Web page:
One reason I hold a special place in my heart for Alec Lobrano and his book Hungry for Paris is because his guide to Paris restaurants led me to Le Timbre, a tiny establishment tucked away in the 6th arrondissement. After my first lunch there three years ago, the restaurant quickly became a favorite of mine and a regular stop on my itinerary when showing friends and family around the city. Each time I went to chef Chris Wright’s restaurant I knew that I would enjoy happy hours of eating at the tiny tables that line the space whose name- literally “the stamp”- commemorates the cozy size of the dining room.
English by birth but francophile by choice, Wright’s cuisine was inspired by his childhood travels in France, particularly in the southwestern regions of the country. Wright’s menu proposed hearty servings of fresh fish and typical meat-and-vegetable dishes along with nods to his native land, such as a Stilton and sherry dessert. Despite the odd foreign cheese or charcuterie, the restaurant remained a typical French bistro, its simple menu exemplifying the joy that comes with enjoying quality ingredients and leaving the table well fed and happy.
This year Wright left the restaurant business retiring from Paris to a home in Cantal, and Le Timbre was taken over by first-time restaurant owners, Agnès Peyre and Charles Danet. The end of Wright’s reign in the kitchen is a loss to those who are reticent to embrace recent changes and trends in the Paris dining scene. The unabashedly protein – and butter – powered meals that make France such a fun place to eat are slowly giving way to fixed menus that offer a subtle array of ingredients that look good on a plate and are meant to be married in the mouth.
The new incarnation of Le Timbre is in keeping with this new culinary tendency – offering a little of everything, but not a lot of any one thing. Vegetarian, gluten-free, or allergy-prone eaters will be happy to know that the kitchen has no problems adapting their menu to suit any diet, and Peyre is an eager guide to help guests choose a wine to go with their meal. The set three-course lunch menu, (26 euro) concentrates on seasonal produce and fresh products.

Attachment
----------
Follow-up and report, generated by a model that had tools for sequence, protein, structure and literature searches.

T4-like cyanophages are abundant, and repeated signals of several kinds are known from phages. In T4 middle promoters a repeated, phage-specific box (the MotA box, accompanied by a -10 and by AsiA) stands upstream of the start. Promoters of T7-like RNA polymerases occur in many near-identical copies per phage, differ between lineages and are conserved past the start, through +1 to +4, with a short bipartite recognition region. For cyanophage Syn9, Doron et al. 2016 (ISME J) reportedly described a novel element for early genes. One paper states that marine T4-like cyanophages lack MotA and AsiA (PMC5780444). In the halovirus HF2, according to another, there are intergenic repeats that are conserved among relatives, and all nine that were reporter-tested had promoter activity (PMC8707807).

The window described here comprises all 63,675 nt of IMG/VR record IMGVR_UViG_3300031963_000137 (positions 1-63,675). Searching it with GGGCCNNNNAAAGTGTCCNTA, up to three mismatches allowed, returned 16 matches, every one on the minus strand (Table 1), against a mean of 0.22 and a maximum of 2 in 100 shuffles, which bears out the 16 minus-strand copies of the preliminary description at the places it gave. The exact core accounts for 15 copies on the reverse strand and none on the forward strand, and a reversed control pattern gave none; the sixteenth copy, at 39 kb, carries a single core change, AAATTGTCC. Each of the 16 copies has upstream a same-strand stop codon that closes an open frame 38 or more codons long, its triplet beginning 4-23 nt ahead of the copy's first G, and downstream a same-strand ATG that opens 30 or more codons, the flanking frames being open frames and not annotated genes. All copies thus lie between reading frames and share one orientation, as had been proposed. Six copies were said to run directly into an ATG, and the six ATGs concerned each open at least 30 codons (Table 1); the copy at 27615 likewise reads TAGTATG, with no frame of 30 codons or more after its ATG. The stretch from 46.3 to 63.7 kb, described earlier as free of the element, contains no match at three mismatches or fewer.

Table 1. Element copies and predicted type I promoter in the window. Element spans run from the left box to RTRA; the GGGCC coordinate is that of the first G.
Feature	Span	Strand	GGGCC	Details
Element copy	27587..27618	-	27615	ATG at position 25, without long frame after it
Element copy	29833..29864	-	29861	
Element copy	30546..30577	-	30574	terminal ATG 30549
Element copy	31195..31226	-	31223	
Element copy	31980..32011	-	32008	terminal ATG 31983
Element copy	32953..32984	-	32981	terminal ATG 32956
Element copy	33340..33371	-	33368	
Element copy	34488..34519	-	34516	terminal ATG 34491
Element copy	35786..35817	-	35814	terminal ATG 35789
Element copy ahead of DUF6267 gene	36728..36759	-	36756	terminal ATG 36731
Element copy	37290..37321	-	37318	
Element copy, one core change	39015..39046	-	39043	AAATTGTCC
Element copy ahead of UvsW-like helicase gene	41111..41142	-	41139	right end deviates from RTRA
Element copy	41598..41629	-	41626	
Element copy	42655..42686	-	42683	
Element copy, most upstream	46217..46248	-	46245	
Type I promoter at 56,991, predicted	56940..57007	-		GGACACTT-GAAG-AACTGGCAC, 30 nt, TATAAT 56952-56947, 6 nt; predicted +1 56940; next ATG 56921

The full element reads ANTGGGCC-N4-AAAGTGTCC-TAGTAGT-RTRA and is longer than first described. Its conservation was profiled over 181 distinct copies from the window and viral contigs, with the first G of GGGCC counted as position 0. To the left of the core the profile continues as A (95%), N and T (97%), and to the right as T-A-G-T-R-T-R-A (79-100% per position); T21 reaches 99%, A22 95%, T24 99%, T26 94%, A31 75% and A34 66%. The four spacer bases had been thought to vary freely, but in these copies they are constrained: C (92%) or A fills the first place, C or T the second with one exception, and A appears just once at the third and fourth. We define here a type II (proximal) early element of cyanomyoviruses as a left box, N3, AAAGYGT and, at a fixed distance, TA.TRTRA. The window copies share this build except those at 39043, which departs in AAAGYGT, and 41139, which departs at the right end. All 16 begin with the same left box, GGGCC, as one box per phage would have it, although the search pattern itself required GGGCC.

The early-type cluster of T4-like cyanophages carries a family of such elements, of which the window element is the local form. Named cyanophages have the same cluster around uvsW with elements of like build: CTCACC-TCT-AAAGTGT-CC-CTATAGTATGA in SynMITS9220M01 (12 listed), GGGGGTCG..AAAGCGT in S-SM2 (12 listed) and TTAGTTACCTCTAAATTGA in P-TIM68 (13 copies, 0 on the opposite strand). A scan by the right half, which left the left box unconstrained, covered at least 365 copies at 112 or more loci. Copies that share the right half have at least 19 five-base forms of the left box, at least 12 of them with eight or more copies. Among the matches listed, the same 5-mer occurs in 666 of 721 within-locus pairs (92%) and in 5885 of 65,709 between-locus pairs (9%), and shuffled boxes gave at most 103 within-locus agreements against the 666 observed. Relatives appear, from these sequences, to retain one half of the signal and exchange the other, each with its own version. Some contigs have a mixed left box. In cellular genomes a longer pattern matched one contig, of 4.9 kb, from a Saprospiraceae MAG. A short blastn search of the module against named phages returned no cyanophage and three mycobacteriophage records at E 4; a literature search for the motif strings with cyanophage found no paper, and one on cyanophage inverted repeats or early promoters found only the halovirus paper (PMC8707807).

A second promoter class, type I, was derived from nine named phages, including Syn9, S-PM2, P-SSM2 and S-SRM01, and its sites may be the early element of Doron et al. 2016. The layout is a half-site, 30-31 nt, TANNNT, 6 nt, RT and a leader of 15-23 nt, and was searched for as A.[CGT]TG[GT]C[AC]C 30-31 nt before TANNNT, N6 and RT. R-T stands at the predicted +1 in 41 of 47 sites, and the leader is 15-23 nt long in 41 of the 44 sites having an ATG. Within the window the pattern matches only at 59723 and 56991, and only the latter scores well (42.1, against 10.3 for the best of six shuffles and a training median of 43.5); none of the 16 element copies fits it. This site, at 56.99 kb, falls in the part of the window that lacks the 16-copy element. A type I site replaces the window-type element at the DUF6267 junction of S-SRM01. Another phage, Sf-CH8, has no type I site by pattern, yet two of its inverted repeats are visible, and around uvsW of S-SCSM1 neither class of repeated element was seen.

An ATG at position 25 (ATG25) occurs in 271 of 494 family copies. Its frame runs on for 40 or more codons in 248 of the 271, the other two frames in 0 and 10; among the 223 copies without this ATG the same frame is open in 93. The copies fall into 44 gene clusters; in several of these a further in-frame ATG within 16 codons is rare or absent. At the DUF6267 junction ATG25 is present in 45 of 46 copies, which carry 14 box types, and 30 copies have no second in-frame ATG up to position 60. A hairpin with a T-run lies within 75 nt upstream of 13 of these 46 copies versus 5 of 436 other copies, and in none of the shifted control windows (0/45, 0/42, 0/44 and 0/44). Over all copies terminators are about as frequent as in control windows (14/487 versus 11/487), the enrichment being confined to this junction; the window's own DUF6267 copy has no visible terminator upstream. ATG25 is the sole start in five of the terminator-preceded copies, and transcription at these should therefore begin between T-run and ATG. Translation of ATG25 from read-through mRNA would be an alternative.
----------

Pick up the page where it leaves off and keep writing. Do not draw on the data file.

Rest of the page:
A starter of butternut squash soup welcoming a poached egg kicked off an autumnal meal. As a main, a filet of sea bass was presented on a bed of sautéed leeks, accompanied by a bowl of clams in a fish bisque. The homemade vanilla ice cream with chocolate sauce and almond cake with clementines arrived just in time, the decadence of cream, chocolate, and cake a welcomed end to lunch.
The restaurant’s dinner menu is an enticing option for those looking for a traditional French meal. Three fixed menus are proposed (34/41/49 euro), the first being a three course meal with a meat as a main, the second adding a fish course, and the most expensive including homemade foie gras.
Le Timbre as we now know it may take some time to come into its own, but both Peyre and Danet are genuinely dedicated to preserving the spirit that their predecessor established. I expect the wine menu to grow and possibly become more daring as the pair delves more into natural wines. One of the few interesting dining options in the area, set snugly between Luxembourg Gardens and Boulevard Montparnasse, Le Timbre is convenient for visitors and anyone looking for a tasty meal on the Left Bank.
Le Timbre – 3 Rue Sainte-Beuve, 75006. Tel: +33 (0)1 45 49 10 40
- Emily also reviews the delicious restaurant Inaro, perfect for local, artisanal, and organic small plates.
- Here are a few more trendy and affordable Parisian bistros to test out.
- Girl’s Guide to Paris also features a review of Le Timbre – check it out here!